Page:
Although much has been written criticizing the statutory right of redemption from real estate foreclosures, it still exists in Washington and a majority of the United States. The basic reason for its continued existence is the strong trend throughout modern timnes to give greater protection to the "oppressed debtor." The history of the moratoria legislation of the last depression is the strongest evidence of the sympathy for the debtor class, and the statutory right of redemption comprises not only a large part of the trend, but it is the place where the policy of favoring the mortgage debtor has reached the point of diminishing returns. The right does not favor the borrower but rather hinders him in obtaining a loan adequate in relation to the amount of his security. When this is coupled with the extreme disadvantages to the mortgage lender, it is hard to find a rational basis for its continued existence in such a large number of states. The only explanation is the failure of the legislatures to realize the actual effect of the statutory period. It is the purpose of this article to show the effect and to point out reasons why the redemption statute should be repealed, or, at least, the period shortened from the extreme length of one year.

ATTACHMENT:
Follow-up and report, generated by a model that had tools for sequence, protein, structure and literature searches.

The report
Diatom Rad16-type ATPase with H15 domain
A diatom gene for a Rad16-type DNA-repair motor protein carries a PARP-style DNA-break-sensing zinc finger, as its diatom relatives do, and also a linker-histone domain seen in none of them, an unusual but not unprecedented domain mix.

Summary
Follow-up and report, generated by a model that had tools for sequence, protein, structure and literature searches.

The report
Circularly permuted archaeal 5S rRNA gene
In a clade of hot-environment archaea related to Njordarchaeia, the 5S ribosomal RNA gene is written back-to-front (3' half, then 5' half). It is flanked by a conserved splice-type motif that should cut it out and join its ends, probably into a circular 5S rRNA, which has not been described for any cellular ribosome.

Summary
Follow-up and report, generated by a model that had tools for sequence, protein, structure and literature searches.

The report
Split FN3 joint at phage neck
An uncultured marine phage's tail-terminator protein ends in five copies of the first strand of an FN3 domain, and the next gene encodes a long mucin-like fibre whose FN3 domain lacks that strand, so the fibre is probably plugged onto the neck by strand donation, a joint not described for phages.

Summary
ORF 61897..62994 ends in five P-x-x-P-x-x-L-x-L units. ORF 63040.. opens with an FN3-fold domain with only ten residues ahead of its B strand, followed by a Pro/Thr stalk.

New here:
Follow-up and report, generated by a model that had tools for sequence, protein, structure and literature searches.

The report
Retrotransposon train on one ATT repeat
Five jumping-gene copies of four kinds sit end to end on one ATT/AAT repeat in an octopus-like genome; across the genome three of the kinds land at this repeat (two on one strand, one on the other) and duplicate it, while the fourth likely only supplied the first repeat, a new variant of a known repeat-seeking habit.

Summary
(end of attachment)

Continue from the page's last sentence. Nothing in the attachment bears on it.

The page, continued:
Ernest M. Murray,
Statutory Redemption: The Enemy of Home Financing,
28 Wash. L. Rev. & St. B.J.
Available at: https://digitalcommons.law.uw.edu/wlr/vol28/iss1/6